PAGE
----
Prevalence rates of depression in medically ill elderly people are strikingly high. In particular, the prevalences of depression at any given time in Alzheimer's, Parkinson's, and stroke are as high as 87%, 75%, and 79%, respectively. Proper detection and management of depression in primary care is imperative. The present review examines the risk factors, peculiarities, and etiologies of depression in these populations. We suggest that certain features of depression be considered in assessing depression in these populations and provide guidelines for distinguishing depression from medical, psychosocial, and physical complaints common in elderly people. Additionally, we explore the use of self-report instruments of depression and provide guidelines regarding the specific measures and cutoffs most appropriate for use with these populations. To this end, we hope that readers acquire a greater appreciation for the experience of depression of those suffering from these neurological disorders to aid in their assessment.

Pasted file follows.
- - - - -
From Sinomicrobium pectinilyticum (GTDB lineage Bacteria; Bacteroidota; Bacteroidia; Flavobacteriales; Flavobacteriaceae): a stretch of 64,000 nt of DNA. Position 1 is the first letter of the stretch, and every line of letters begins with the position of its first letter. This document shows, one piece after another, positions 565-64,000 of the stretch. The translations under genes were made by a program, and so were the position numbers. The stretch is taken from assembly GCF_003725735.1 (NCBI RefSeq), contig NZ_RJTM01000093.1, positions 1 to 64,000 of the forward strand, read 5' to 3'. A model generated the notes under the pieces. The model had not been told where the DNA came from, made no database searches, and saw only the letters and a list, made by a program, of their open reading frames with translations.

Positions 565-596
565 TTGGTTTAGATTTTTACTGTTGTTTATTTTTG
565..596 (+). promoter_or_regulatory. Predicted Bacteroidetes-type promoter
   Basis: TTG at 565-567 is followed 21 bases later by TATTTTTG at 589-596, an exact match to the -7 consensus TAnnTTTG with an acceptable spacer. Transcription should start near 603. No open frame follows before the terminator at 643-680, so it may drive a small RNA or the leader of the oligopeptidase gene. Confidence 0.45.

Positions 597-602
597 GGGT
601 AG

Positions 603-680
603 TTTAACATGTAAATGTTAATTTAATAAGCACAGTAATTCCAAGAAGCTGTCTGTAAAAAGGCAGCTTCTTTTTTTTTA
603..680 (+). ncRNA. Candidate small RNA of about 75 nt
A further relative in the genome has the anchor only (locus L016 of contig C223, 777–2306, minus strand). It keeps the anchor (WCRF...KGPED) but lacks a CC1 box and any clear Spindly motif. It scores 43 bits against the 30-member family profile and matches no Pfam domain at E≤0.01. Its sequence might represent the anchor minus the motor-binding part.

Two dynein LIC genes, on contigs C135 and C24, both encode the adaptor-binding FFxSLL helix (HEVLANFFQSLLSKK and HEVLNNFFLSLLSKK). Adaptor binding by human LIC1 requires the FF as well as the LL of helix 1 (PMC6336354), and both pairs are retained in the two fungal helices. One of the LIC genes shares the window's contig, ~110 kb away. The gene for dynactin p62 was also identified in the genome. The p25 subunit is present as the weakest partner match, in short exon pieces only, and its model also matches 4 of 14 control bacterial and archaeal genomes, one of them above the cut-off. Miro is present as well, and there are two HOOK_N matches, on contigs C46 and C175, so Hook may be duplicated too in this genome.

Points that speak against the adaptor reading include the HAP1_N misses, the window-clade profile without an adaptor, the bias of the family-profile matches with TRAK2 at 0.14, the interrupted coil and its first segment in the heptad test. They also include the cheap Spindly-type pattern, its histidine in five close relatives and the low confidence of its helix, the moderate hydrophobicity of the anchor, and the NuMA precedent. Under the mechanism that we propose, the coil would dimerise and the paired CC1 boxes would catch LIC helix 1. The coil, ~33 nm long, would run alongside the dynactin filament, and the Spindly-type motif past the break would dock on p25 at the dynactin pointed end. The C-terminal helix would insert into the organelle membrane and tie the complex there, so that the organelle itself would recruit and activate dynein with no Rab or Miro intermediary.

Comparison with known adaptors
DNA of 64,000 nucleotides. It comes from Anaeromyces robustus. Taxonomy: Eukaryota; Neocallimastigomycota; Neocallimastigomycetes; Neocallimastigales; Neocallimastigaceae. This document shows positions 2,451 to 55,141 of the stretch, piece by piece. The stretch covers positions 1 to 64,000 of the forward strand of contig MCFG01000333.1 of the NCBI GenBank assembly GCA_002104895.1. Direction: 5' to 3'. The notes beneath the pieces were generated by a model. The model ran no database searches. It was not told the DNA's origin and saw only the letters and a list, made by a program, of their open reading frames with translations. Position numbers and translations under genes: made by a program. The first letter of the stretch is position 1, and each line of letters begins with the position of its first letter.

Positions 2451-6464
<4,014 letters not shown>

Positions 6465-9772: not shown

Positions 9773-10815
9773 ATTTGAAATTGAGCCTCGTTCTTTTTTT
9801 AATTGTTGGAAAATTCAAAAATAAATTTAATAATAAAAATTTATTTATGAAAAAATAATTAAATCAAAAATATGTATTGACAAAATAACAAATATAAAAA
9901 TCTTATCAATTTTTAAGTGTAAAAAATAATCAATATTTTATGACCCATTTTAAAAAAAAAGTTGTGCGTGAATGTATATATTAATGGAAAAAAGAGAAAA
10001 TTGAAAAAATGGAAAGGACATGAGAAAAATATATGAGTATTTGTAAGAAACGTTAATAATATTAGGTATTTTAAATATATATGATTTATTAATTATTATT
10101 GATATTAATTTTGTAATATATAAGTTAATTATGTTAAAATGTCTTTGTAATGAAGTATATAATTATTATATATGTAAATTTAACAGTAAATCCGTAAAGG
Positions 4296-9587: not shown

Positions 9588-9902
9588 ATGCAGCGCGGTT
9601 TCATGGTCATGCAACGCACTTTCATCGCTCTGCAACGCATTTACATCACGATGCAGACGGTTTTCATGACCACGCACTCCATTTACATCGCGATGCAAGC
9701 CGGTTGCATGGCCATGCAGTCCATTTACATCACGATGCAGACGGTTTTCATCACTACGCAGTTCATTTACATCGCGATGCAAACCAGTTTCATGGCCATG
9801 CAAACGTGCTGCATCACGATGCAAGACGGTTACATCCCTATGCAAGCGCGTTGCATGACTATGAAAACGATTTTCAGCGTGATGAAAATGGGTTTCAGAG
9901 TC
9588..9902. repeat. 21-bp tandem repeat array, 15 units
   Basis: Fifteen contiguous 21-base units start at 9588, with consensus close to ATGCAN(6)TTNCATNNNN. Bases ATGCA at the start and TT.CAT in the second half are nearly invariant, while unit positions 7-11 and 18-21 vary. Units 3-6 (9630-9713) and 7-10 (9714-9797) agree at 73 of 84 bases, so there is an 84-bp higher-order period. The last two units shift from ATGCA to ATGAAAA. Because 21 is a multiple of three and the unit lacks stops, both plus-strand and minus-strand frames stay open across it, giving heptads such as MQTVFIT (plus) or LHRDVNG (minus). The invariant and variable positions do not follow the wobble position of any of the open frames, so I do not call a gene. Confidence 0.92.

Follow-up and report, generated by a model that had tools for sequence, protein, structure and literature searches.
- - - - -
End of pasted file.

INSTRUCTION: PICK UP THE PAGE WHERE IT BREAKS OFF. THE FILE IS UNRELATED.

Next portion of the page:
All Science Journal Classification (ASJC) codes
- Neuropsychology and Physiological Psychology
- Developmental and Educational Psychology
- Clinical Psychology
- Arts and Humanities (miscellaneous)
- Psychiatry and Mental health